“Year One” was the perfect primer for “Little Fish” because it sort of wet my feet to the realm of longer story telling, but in a really manageable way (I drew the book in weekly chunks as it went along) that didn’t feel so intimidating. As I drew “Year One,” I encountered different challenges for longer narratives and tackled them as they came up (Are too many characters being introduced? Does this panel remind you of the one I drew four weeks ago that references the same thing? Are these story arcs feeling consistent? Does this set the emotional tone I’m looking for? Etc.) So when I got to “Little Fish,” I had a starting point for understanding what kind of challenges would be presented for a novel length story. I kind of knew what to look forward to.

What audience did you have in mind while writing “Little Fish”?

Zest is a Young Adult publisher, but they said they liked my style because it’s relatively universal. While it’s pretty family friendly, for the most part, I think people of all ages can find themes they relate to. I tried to stay true to that, while keeping in mind that this would be marketed toward a slightly younger audience (teens, rather than the 20-30 year olds that I usually think I’m reaching). With that said, the first person that pre-ordered my book was a 60-year-old man who said it resonated with him because his daughters had both gone to college in the past few years and it reminded him of that.

You seem to have had a lot of clean, wholesome fun during your college years. Did you edit out any experiences that you didn’t think would be appropriate for a young adult audience?

Of course I did some editing, but for the most part, it was a year filled with good, clean fun. I don’t drink and never have, and I stumbled upon a social group that didn’t do much drinking either. As a result, we didn’t get into that much. As I mentioned above, our freshman year at art school (the Maryland Institute College of Art, or MICA) required a lot from us, so a lot of the fun we had was what we could squeeze in between long hours working on art. Everyone was pretty driven and focused on that. The book also only shows my freshman year. As I got older and a little more outgoing, more radical and politicized, and more punk, things got a little less tame. But I did edit out some elements during my freshman year. A lot of what I attempt to do as an autobiographical comic artist is tell just enough to make it interesting, but not so much that I’m crossing boundaries of people I’m writing about. It’s tricky writing about my own experiences because they involve the experiences of others, and I do what I can to be respectful of whose information I’m putting out into the world.

Did you learn anything about yourself or your relationships during the process of creating this graphic novel?

I did! Thanks to my livejournal, which I had never really gone back and revisited. It was really fascinating to read back through and make some interesting connections about my relationships and myself. I was a surprisingly self-reflective 18-year-old. I had a lot to say about my feelings. But I was also a funny, typical teen. There were a lot of livejournal entries where I would write about specific boys and how cute I thought they were (knowing that they read my journal!). It was really funny to read and see how much better I’ve gotten at direct communication. I think games like that are so silly now. I also had forgotten about the fact that Daniel had introduced me to comics. He introduced me to so many things. I’m pretty grateful for that.

How do you think your connection to punk and zines has shaped the direction your life has gone in?

They’re directly correlated. As a 28-year-old pursuing comic books as a pseudo career, working a day job as a nanny, spending all my free time working on community projects, supporting my friends bands, producing work on my own (self-publishing still!), nothing about my life is the sort of “textbook version” of what a successful 28-year-old should be doing with their life. Sometimes I stop and think about the fact that I don’t really have a “career” or “real money” in my future and that’s a little daunting, but I feel more fulfilled than ever because of all the things I participate in within my DIY community. Many of my hometown friends outside of punk are getting married and having kids, and that still feels so far off in my future, or perhaps isn’t in my future at all, and I know that’s because punk has set me on a different path. I’m really happy for my friends who are doing those things but they don’t really feel like they’re for me any time soon. Punk (and probably art school) instilled a really proactive work ethic in me and I’ve applied that to most areas of my life.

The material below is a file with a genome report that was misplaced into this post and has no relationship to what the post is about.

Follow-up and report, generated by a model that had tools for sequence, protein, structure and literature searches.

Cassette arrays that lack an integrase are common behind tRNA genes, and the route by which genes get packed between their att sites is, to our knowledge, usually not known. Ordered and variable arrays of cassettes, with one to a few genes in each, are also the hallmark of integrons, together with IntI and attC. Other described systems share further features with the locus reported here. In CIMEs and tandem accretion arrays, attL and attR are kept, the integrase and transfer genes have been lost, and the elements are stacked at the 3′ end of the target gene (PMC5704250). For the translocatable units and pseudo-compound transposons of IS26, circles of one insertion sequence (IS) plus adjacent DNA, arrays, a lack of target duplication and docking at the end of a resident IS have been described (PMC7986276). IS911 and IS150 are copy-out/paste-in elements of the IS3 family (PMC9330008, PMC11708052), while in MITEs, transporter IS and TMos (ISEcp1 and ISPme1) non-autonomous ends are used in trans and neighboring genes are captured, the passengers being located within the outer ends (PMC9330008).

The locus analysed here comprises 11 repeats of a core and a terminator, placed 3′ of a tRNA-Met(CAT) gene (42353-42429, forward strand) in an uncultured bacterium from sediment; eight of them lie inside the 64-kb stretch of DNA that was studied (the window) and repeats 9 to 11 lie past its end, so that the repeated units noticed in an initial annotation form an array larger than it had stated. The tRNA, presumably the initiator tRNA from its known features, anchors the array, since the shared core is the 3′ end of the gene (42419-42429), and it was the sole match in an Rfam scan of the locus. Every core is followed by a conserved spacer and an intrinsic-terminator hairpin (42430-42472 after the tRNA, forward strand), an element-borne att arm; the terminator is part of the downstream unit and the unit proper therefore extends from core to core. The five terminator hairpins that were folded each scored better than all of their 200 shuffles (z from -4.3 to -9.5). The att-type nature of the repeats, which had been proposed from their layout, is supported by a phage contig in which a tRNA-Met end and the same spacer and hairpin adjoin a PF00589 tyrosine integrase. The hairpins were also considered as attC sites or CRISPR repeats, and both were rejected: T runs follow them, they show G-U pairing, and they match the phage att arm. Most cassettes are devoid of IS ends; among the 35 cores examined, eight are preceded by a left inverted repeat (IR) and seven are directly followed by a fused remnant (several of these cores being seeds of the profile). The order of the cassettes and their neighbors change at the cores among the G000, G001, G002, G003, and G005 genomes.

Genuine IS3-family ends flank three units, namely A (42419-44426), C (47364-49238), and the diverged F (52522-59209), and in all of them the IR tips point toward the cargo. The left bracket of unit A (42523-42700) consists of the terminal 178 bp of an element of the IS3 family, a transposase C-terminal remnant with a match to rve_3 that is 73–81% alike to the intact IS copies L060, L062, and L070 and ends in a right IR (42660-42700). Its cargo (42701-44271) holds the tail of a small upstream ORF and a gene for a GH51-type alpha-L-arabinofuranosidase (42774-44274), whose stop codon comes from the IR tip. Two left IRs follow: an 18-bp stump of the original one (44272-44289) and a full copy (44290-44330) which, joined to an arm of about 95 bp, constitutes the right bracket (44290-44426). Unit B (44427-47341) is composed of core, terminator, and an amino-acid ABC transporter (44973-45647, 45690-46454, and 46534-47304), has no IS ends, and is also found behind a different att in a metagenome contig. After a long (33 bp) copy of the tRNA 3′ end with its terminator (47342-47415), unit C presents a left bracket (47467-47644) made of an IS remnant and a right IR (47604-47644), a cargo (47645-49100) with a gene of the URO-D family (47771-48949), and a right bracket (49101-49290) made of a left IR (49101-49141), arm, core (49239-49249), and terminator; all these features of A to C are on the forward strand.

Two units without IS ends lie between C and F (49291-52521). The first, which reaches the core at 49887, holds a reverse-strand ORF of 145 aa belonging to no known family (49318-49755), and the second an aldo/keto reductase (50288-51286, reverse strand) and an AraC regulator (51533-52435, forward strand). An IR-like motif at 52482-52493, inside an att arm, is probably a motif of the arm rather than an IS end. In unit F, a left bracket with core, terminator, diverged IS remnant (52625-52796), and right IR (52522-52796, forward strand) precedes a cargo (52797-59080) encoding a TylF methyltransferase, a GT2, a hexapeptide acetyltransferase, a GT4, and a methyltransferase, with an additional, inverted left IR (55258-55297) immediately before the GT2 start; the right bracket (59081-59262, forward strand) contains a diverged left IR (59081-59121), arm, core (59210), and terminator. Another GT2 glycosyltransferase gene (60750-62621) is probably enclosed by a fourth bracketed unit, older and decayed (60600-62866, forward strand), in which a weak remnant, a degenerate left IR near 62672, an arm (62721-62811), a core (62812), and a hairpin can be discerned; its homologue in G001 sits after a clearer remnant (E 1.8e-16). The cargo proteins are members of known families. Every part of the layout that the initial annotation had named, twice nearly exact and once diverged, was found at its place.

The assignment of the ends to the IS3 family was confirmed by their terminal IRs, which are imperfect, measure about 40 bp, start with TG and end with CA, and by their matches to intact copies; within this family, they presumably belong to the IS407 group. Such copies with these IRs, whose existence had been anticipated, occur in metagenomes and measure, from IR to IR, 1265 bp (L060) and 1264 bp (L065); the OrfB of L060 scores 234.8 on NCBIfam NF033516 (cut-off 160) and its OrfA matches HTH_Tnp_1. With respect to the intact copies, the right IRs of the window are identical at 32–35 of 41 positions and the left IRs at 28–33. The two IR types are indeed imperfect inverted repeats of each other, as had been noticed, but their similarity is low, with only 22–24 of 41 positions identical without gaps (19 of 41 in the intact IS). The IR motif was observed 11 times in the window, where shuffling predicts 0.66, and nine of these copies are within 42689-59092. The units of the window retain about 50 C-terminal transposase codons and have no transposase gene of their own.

Both “Little Fish” and “Year One” seem like very cathartic, intimate experiences. How has the personal nature of your work affected the processes of writing, editing, or publishing?

Surprisingly, I don’t really think twice about putting out intimate or personal work. I think that’s what makes it successful. If I were just writing about relatively mundane life events without the personal element or intimacy, I think the stories would fall flat. It’s that aspect that makes them feel easy to relate to or speaks to someone going through the same experience. None of my experiences are especially remarkable. For the most part, I live a pretty average life for a relatively privileged, white woman. If my stories didn’t include that level of introspection, I don’t think I would even feel very good about putting more stories like my own out into the world. I try to write in a way that captures a human quality that many people can relate to. I try not to edit myself too much regardless of the reach (whether I’m just drawing it for friends to see, self-publishing it, or working with a publisher with a wider audience). I used to think it would be scary or weird to put all my feelings out into the world, but making work for books is less scary because there’s a built-in degree of separation. I make it in my room by myself where I can pour myself into it. I send it out to be printed. Then someone reads it on their own. If I had to say all of these things face to face to that same person, I would be way more nervous about it. But since we both do our part on our own time, it doesn’t bother me.

Do you plan to begin any other projects like this in the near future?

I haven’t decided what project I’ll be working on next. I’ve been taking the time to make short comics to post online and to submit to anthologies, but I’m sure I’ll try to work on something longer within the next year.

What advice would you give to freshmen who are entering their first year of university?

Figure out how to be by yourself and be happy with that time. My freshman year was hard because I found a lot of happiness by being around other people, and when I couldn’t or when friends started to naturally couple off, I felt pretty lonely. When I was younger I think I measured my self-worth in how much time I spent with others or how many friends I had. I wasn’t happy being alone with myself. The best thing I ever learned was how to be content on my own and not compare myself to others or rely on others to validate me. When you find out how to live without that stuff, your confidence will skyrocket.